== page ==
Antelope Valley Press

Jobs one, two and three for you to have lifelong health

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By the time you are reading this article, the stakes establishi­ng the life course of your health have long been set. Your genetic inheritanc­e, location, and family circumstan­ces, combined with a complex set of early life factors determine how your health trajectory will begin. Through childhood and adulthood, you have opportunit­ies to influence your well-being, but in the grand scheme, it’s tinkering at the margins. As you age, the question becomes, what can you do to maximize good health and minimize the impact of the inevitable decline?

Taking good care to avoid the obvious pitfalls is job number one. Parents need to teach children about safety as early in life as possible. And everyone needs to practice safety daily and for all time. If you are smoking, you have failed. If poisons, weapons, or other dangerous items are in reach of children, correct the situation immediatel­y. Practice the basics daily, like looking both ways when you cross the street.

Using common sense isn’t enough. We need to accept the extraordin­ary role of luck in our lives — for better or for worse. That said, you can influence your luck if you work at it. Unfortunat­ely, that’s not always the case with your health. Empathy is owed to those who have done the right things and still get dealt the bad luck of a terminal cancer diagnosis. It’s not fair when tragedy strikes.

What’s job number two, after basic safety and preventing injuries? It’s establishi­ng the best possible conditions for healthy developmen­t in early life. Prospectiv­e parents, take note. Choose your partners well, know your medical histories as you prepare to have children, and be sure to follow pre-conception advice — e.g., no smoking or drinking, and folic acid in the diet.

Thereafter, one of the most marvelous processes that is crucial to lifelong health is the establishm­ent of the intestinal microbial environmen­t during the initial thousand days of life. A lively community of bacteria, viruses, fungi, and protozoa make their home in the gut, on the skin, in the eyes and mouth, in the respirator­y and genitourin­ary tracts. Many factors influence the developmen­t of microbiota and cognitive developmen­t through, in part, how we feed the gut-brain connection.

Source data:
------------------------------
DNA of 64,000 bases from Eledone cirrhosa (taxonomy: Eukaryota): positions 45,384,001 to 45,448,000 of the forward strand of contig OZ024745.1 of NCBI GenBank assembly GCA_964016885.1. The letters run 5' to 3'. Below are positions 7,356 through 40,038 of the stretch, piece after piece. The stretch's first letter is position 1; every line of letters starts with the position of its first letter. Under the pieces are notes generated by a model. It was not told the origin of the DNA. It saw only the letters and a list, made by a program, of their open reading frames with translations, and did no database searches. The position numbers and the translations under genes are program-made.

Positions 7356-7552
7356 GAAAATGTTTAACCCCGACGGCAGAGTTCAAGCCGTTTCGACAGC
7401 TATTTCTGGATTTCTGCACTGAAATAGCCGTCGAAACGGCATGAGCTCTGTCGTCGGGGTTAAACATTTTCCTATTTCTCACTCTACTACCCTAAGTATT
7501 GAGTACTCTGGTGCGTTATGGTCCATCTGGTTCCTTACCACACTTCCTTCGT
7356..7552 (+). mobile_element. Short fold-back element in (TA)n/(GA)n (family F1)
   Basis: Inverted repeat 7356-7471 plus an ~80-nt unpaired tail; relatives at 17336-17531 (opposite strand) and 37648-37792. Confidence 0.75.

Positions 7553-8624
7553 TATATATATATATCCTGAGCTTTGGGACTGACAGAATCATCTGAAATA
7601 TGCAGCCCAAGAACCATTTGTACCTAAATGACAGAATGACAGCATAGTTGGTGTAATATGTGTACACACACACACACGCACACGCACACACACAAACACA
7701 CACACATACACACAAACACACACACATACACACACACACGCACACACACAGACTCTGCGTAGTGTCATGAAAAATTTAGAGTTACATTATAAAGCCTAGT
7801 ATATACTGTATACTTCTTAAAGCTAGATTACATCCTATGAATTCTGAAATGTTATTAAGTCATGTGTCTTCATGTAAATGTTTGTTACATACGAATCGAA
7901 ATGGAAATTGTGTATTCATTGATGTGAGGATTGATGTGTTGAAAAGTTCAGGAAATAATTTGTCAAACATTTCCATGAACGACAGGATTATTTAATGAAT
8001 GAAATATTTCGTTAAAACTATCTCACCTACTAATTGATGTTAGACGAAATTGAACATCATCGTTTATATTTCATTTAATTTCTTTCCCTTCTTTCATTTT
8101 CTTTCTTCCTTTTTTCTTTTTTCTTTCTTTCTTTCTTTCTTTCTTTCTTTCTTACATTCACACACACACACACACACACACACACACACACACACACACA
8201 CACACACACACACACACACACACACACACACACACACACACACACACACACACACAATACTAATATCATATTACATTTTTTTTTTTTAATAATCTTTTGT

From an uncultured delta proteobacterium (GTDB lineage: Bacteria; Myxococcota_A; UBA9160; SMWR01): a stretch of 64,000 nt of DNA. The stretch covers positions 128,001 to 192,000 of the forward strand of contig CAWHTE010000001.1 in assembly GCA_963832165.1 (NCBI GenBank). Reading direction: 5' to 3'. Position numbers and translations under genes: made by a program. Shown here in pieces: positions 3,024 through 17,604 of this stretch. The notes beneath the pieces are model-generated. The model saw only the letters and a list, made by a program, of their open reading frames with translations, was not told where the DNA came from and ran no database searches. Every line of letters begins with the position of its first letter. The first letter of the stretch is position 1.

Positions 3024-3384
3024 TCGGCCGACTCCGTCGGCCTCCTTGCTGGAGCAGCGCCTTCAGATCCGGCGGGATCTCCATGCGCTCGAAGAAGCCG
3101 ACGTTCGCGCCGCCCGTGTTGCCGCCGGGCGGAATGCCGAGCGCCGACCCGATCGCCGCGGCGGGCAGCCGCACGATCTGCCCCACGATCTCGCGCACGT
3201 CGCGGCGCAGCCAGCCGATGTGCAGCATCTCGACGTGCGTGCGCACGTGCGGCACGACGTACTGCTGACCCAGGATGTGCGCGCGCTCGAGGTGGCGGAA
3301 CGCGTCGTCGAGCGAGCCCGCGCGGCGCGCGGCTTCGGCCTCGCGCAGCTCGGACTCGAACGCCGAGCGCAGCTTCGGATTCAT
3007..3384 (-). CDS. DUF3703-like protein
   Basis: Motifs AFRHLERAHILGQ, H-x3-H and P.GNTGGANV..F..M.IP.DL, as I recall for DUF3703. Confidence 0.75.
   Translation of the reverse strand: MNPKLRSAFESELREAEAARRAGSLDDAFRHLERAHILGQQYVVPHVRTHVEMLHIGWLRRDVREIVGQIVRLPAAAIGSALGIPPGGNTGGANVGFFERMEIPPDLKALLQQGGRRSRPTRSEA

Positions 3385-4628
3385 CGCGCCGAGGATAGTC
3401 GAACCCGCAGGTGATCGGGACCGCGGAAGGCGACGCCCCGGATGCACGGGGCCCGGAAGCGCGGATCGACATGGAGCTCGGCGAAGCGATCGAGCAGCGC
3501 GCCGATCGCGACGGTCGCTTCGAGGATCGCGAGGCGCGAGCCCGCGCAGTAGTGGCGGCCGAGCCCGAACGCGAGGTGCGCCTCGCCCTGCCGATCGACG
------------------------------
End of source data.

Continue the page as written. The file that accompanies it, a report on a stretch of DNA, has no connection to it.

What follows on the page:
Breast milk is the ideal start, followed by the introducti­on of a variety of solid foods. Exposure to infections plays a role. Use of antibiotic­s is a considerat­ion. Mental health is key too. A crying baby serves a natural purpose of priming normal functions.

But it shouldn’t be a surprise that an absence of comforting will impair healthy developmen­t.

Job number three is continuing job number two — personal health promotion for the rest of one’s life. This means following a healthy lifestyle of eating well, exercising regularly, getting good sleep, socializin­g with friends, and so on.

And finally, in the years when aging becomes more apparent, the business of tinkering at the margins can take on greater urgency. For the lucky and the healthy, each additional trip around the sun comes along in natural order. For those who need to fight a little harder against mounting health problems, there should be thanks for the cures, patches, and hopeful interventi­ons that seek to extend the journey.

Next week, we’ll have a closer look at the gut-brain microbiome, and what you can do to feed the connection. This is a good area for personal health investment as a ballooning body of research points to new treatments for chronic stress and other mental health issues, inflammati­on, immune health, digestive health, cardiovasc­ular disease, respirator­y disease, and cancer. Much promise, indeed.

 ?? Common Sense Health W. Gifford-Jones M.D. and Diana Gifford-Jones ??
Common Sense Health W. Gifford-Jones M.D. and Diana Gifford-Jones

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